Golf tends to have a reputation as a leisure activity, with minimal physical demands on the body and the mind. Most people don’t realize that playing a round (or two) of golf is a great way to get in some exercise, increase your wellness, and improve your health, especially for those of us that are getting older. Here are some ways that playing a game of golf contributes to our wellness:

1.Exposure to Nature: Getting yourself outside and basking in nature does wonders for our minds and bodies. Exposure to “green” (as in green grass) relaxes the body, reduces stress, and helps to alleviate anxiety. Exposing our bodies to sunlight gives us a dose of Vitamin D, which also reduces the risk of depression, heart disease, and cancer.

Even before you hit the ball you are often surrounded by gorgeous scenery as you head over to the first tee. Golf courses are known for their spectacular greenery, water displays, and landscape design. Breathe in the fresh air, and feel your stress instantly start to go away.

2. Get Social: Golf is a very social sport, it’s a great venue to connect with friends, business associates, or spend some quality time with family members. It’s also a great place to meet new people. Golf is not an intense sport and allows for conversation.

3. Strengthens your Muscles and Burn Calories: Women golfers often note that the sport is a great way to strengthen leg muscles, especially the quadriceps. Covering 18 holes means a lot of walking (if you ditch the cart), which can equate to two to four miles depending on the course and length of play. With all the walking, carrying, and swinging involved in this sport, you can burn upwards of 1,000 calories by playing a round. The fitness benefits of playing 18 holes should not laughed at. Golf works your gluteus maximus (butt), the pectoralis major (chest), latissimus dorsi (back), forearms, and core muscles.

A study conducted by Neil Wolkodoff, the director of the Rose Center for Health and Sports Sciences in Colorado, ascertained that walking for a full round while carrying a golf bag burns 1,442 calories. Conversely, riding in a cart nearly halves that figure (822). Walking with a pull buggy burns 1,436 calories and walking with a caddie carrying the bag still eats away 1,226.4

If you often aim to hit 10,000 steps per day, then walking 18 holes, according to Mayo Clinic Research, will definitely fulfill that requirement, and then some. While you will still get some exercise even if you do ride in the cart, you’ll truly benefit by walking the course, even more so if you are carrying your clubs.

4. Elevate your Health: Playing a round of golf and the continuous walking throughout the game will keep your heart rate up. You’ll constantly be increasing blood flow while you are playing, which will contribute to lowering your risk for heart disease and decrease your levels of “bad” cholesterol.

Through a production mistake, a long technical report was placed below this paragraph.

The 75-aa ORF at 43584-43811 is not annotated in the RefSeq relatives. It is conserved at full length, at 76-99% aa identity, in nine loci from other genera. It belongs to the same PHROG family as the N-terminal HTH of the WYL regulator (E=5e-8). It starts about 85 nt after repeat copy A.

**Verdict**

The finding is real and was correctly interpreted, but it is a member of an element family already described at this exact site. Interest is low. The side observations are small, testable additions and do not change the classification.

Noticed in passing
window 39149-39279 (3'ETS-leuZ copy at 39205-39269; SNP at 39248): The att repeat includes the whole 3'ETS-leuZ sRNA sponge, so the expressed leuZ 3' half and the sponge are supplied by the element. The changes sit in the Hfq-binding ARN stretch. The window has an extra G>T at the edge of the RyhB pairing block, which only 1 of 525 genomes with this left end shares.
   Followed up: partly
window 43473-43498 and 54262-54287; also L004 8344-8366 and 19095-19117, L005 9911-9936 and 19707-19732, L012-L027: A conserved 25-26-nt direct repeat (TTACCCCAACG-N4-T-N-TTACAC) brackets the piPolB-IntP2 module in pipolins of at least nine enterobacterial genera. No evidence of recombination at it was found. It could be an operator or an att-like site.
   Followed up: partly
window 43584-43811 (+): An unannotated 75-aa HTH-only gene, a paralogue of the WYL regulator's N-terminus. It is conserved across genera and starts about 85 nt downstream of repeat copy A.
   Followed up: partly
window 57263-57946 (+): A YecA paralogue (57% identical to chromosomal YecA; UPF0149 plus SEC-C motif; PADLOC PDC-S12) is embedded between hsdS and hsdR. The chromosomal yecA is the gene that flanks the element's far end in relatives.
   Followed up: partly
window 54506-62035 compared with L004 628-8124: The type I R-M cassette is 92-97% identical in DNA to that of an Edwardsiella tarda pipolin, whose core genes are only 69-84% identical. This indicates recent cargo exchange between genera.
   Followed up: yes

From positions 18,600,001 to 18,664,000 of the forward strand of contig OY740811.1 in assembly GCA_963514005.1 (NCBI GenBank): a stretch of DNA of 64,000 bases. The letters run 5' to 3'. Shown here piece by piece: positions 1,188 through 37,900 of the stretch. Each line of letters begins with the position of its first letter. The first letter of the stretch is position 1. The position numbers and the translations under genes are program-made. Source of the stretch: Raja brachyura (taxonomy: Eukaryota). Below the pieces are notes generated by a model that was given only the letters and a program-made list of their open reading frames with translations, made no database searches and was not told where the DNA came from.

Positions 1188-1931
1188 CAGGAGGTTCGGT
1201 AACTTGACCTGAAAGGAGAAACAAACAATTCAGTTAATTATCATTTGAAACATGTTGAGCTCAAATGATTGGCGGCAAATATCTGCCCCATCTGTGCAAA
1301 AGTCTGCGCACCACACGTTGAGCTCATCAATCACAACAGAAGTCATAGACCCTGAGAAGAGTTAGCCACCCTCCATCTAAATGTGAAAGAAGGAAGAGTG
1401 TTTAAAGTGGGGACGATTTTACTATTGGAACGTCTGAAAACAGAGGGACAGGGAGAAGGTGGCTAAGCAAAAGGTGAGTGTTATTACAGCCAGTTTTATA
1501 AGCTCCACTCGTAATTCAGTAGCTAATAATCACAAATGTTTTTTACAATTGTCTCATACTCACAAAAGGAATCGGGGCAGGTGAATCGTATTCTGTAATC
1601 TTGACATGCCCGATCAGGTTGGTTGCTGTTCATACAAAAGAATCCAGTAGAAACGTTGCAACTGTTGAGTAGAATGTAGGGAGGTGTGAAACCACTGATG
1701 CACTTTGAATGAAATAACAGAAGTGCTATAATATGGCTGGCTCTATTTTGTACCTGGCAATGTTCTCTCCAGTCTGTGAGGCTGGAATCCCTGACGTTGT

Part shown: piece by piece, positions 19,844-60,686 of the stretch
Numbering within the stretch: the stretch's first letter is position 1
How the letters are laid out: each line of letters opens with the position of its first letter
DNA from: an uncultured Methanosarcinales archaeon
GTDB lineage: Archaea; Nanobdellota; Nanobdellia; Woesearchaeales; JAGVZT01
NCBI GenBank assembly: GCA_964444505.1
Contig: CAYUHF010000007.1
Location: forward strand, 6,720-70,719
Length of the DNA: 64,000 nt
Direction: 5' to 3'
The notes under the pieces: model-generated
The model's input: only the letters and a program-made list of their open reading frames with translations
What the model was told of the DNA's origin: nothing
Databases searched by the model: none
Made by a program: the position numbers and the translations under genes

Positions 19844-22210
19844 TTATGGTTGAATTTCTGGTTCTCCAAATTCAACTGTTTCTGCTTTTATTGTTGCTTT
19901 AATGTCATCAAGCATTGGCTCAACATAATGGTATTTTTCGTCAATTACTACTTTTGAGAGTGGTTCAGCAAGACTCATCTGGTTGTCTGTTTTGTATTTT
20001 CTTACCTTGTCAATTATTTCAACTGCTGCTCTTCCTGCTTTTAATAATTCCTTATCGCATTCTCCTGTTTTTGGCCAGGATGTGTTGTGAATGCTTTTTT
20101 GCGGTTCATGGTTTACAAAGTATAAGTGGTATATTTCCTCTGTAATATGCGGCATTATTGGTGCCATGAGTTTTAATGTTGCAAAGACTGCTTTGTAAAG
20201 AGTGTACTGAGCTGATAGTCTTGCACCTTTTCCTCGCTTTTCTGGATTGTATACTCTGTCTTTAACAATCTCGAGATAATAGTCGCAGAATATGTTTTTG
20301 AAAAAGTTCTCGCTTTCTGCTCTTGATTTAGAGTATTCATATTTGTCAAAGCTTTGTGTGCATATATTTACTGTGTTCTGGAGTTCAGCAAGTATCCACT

5. Increase Brain Power: Golf is a game of challenge, and it will boost your confidence and self-esteem along the way. You’ll constantly be working on strategy, practicing hand-eye coordination, improve your vision, and more while you are playing.

Randy Chang , a PGA Golf Instructor for the Journey Golf Course at Pechanga works with students of all ages to increase their wellness through golf. He says that, “The challenge to learning this game is that it goes against everything you instinctively and athletically want to naturally do. The key to learning anything new is attitude and a different mental approach. You’re bound to feel better at the end if you just give it a shot!”

Randy Chang, a PGA Golf PRO at the Journey Golf Course at Pechanga, is rated amont the Top 30 Instructors in the United States by Golf Tips magazine teaches golfers of all ages.

If you’ve never played before, stimulating your brain cells by learning something new, will contribute greatly to your wellness. Book a lesson with a golf pro, who will teach you how to grip the club, stand properly, swing, and eventually hit the ball.

Learning how to hit a ball in this game of golf can be easier than most people think. Some of the things I’ve learned about teaching for 35 years is that it doesn’t take hand eye coordination to hit a golf ball — and you CAN teach an old dog new tricks! I love teaching all ages, but I admire those who want to try new things as they get older when so many of us blame their lack of time or exhaustion for doing something that makes them happy.”-Randy Chang, PGA Golf PRO

6. Getting a Good Nights Sleep: Increased exercise during the day, means that your body will fall into a slumber quicker and easier at night. Studies show that those who golf, fall asleep faster and get better quality sleep than those that don’t.

Hole #17 at the Journey Golf Course at Pechanga is built into the native canyons and ravines of the south end of the Temecula Valley. Surrounded by natural landscaping with incredible views of the mountains. © Pechanga

7. Stress Relief: Being in the outdoors, while you are interacting with others makes it easy to forget your troubles. The pleasure of spending time in nature, surrounded by friends is enough to put anyone in a good mood.

Originally published at


  • Kelly Richardson

    Founder, Venone Public Relations, RYT-200, PG

    Venone Public Relations

    A successful entrepreneur with roots in the Construction, Timber & Agriculture industries as well as an international guru and speaker in the beauty industry, Kelly is now focused on helping other businesses shine in the spotlight while she is at the helm of Venone Public Relations. She is a regular contributor for several print and digital publications including Thrive Global and Dermascope Magazine.